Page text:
In 1846 Madrid was preparing for a pair of royal weddings, those of Her Majesty Isabel II of Bourbon to the Duke of Cadiz and that of the Princess Maria Luisa Fernanda to the Duke of Montpensier. Due to an increased demand for their services, a collection of Spanish craftsmen founded a leather goods workshop in the commercial district of Madrid on Lobo Street. In 1872, when a German craftsman named Enrique Roessberg Loewe who specialised in leatherwork arrived in Madrid, he decided to join forces with the existing leather workshop owners and establish a brand. The collaboration allowed Enrique Loewe to bring his German sense of precision and craftsman’s technique and mix it with the Spanish workshop’s sensuality and unequalled leather expertise.

During the reign of Alfonso XIII, Loewe was appointed purveyor to the royal household and so began a long association with the bourgeoisie. Twenty years later the name of E.Loewe was seen all over the streets of Madrid, with large posters staking his claim to certain areas. This resulted in his name also becoming known amongst the general public. By 1910, Loewe had acquired a reputation as the most luxurious leather goods supplier in the city and began its expansion across the Spanish territory. When Enrique Loewe Knappe took over the company in 1934, there followed a succession of store openings and expansions and by the end of the 1960s Loewe was beginning to expand internationally.

Renowned for their made-to-order service, Loewe customers are able to order clothes and accessories tailor made to their requirements either in store or from the Loewe website. Pieces are handmade by a team of artisans whose craft has been passed down since 1846. Still a unique family dynasty, Enrique Loewe Lynch is part of the business and is the family’s representative on the board of directors.

Craftsmanship, progress and unequalled expertise with leather, Loewe’s founding pillars are reconfigured with a timely awareness evident in desirable and functional products across multiple categories, including ready-to-wear, accessories, home and lifestyle. Spain is where Loewe was born and remains the brand’s home. While its current landscape contains elements from places near and far, the Spanish legacy is expressed in modern ways, while the heart of Loewe still beats in Madrid, where all of its world-renowned leather goods continue to be manufactured. By the 1970s Loewe broadened its business to include a women’s RTW collection and a fragrance line. Nearing the end of the decade the brand opened its first store in Japan, marking the beginning of a strong development into the Asian market. This expansion was bolstered by a collaboration with LVMH by the end of the 1980s.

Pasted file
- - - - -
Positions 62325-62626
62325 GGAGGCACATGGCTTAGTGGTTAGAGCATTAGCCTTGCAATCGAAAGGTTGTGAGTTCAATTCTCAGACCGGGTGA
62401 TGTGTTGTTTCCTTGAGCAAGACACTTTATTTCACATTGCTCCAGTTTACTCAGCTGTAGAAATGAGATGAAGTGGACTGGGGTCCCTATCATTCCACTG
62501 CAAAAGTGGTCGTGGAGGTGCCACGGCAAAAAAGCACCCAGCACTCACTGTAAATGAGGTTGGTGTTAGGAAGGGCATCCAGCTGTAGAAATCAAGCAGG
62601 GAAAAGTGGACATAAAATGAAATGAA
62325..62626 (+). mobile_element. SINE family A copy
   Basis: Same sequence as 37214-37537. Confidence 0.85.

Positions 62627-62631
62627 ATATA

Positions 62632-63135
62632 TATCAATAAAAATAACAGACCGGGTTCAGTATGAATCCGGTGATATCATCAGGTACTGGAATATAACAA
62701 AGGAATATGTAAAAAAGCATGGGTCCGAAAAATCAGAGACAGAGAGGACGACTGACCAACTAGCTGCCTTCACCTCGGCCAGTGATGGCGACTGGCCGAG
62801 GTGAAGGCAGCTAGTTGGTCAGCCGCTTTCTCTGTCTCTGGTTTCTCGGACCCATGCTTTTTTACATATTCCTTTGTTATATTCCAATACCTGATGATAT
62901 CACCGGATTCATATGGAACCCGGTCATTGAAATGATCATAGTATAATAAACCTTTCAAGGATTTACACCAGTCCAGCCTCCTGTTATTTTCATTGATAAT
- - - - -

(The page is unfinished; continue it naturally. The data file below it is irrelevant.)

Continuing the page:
In October 2013, Jonathan Anderson was appointed Creative Director.

With new creative director Jonathan Anderson at the helm, Loewe is looking to the future as the label continues to grow. As Loewe approaches its 170th anniversary as one of the world’s most luxurious fashion houses, the iconic Spanish brand has traditions of the past staying strong, delivering heritage and innovation for the next generation.


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Under Anderson, Loewe has started a new chapter, presenting itself to the world more multi-faceted and dynamic than ever. Anderson’s first ready-to-wear collections for the Loewe were presented in 2014 at Paris Fashion Week spring/summer 2015.

Streamlined, ultrasoft renditions of the famous Amazona and Flamenco are among the most coveted bags available at leading fashion stores today, including the Puzzle bag, a completely new bag design by Jonathan Anderson, his debut for the house.  The design adds a novel character to Loewe’s range of iconic accessories, pairing modern functionality and aesthetics with ingenious construction and incredible softness.



Some excerpts taken from online posts and article submissions.


Zuhair Murad | Star-Studded Sophistication

Zuhair Murad

Lebanese fashion designer Zuhair Murad grew up in Baalbek, Lebanon. Since his early childhood, he always dreamt of evading to a world of fantasy. Zuhair Murad started sketching dresses at the age of ten, quoted as saying “I don’t recall a day in my life without a pen in my hand!”. In 1997, Zuhair Murad opened his first atelier in Beirut, catering to a growing private clientele. In 1999, Zuhair Murad celebrated his international debut at the Alta Roma Fashion Week, following an invitation from the Camera Nazionale della Moda. In 2001, Zuhair Murad presented his couture collection for the first time during Haute Couture Week in Paris, gaining momentum with international media. He expanded towards a ready-to-wear collection, with a more simple yet glamorous approach back in 2005. In 2012, the Zuhair Murad Fashion House relocated to a new, eleven-story building in Gemayzeh, in the heart of Beirut. The majestic space houses not only the corporate offices, but also the heart of the Zuhair Murad Design Studio, including designers, pattern makers, tailors and embroidery experts. Zuhair Murad was elected as a new guest member to the Haute Couture fashion week calendar by the supervisory board of the Chambre Syndicale de la Haute Couture in Paris.



Zuhair was born to a maronite family in Beirut. Shortly after high school, Zuhair Murad moved from Beirut to Paris where he obtained his degree in fashion.